It’s been 2 months since the death of Michael Brown, and even in the face of heavy-handed tactics by the police, peaceful protesters continue to march.
The community of Ferguson has called for a Weekend of Resistance from October 10-13, and Amnesty International Mount Holyoke College is answering in solidarity. 7 of us are driving from Western Massachusetts to Missouri this week, and our mission is to mobilize students to action, raise awareness, and build bridges between our students and the community of Ferguson.
“What is happening in Ferguson is not new to me,” Dianna Tejada told me. She’s a senior at Mount Holyoke who has seen first hand the ways that racial discrimination and police brutality have torn apart her community. “So, why am I interested in going to Ferguson? Because my life – our lives – matter. We are using our pain and turning it into power and resistance. This is only the beginning.”
The recent events in Ferguson have sparked an intense and long overdue national conversation about race, policing, and justice in the United States. I’ve seen the ways that discrimination impacts our own campus, and throughout the United States. As an Amnesty activist, I’ve stood with DREAMers demanding dignity and respect, organized to end violence against women, and fought for LGBT rights. As an Amnesty activist, I’m standing with those who are calling for police accountability, justice, and human rights.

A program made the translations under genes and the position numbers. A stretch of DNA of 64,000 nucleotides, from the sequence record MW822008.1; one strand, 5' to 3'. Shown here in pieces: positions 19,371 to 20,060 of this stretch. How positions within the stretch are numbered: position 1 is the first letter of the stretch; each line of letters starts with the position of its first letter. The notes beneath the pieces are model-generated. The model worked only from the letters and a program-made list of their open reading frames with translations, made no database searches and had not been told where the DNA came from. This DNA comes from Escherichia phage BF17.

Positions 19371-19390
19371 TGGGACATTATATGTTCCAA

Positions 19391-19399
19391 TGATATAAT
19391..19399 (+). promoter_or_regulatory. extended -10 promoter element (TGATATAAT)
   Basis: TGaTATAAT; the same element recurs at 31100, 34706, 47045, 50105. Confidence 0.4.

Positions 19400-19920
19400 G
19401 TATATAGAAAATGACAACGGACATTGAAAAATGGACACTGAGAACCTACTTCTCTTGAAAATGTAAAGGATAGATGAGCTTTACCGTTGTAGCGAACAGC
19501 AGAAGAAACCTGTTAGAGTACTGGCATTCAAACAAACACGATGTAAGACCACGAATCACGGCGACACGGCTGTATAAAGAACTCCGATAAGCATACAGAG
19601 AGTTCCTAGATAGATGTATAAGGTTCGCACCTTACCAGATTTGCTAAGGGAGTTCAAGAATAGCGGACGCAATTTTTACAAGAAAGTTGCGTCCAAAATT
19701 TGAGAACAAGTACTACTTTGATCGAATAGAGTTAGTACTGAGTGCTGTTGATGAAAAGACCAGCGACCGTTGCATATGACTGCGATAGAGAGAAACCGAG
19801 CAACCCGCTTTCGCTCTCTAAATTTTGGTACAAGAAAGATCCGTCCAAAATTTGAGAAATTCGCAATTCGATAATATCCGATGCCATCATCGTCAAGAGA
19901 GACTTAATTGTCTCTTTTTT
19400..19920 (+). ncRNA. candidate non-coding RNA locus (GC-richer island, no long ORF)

We want to join and build momentum for a nationwide movement not only for rights-respecting policing, but also for an end to racial profiling and all forms of discrimination and racial injustice. That’s why we are going to Ferguson, joining Amnesty members from around the country to stand side by side with Hands Up United, Organization for Black Struggle, Missourians Organizing for Reform and Empowerment and many others. We need to be in Ferguson right now both to learn from the community and stand up for what is right.
We plan to return to campus after the weekend and continue to build this movement. We will further this conversation on our campus to expand and enrich our Mount Holyoke community’s understanding of these issues. By focusing on our own local community, we can begin to change the hearts and minds of more and more people in our society.
This weekend of resistance is a momentous occasion, and as Mount Holyoke women it is our responsibility to stand in solidarity with our brothers and sisters on the front lines of change. We invite all college students who have the resources to mobilize, to answer Ferguson’s call to action because #BlackLivesMatter!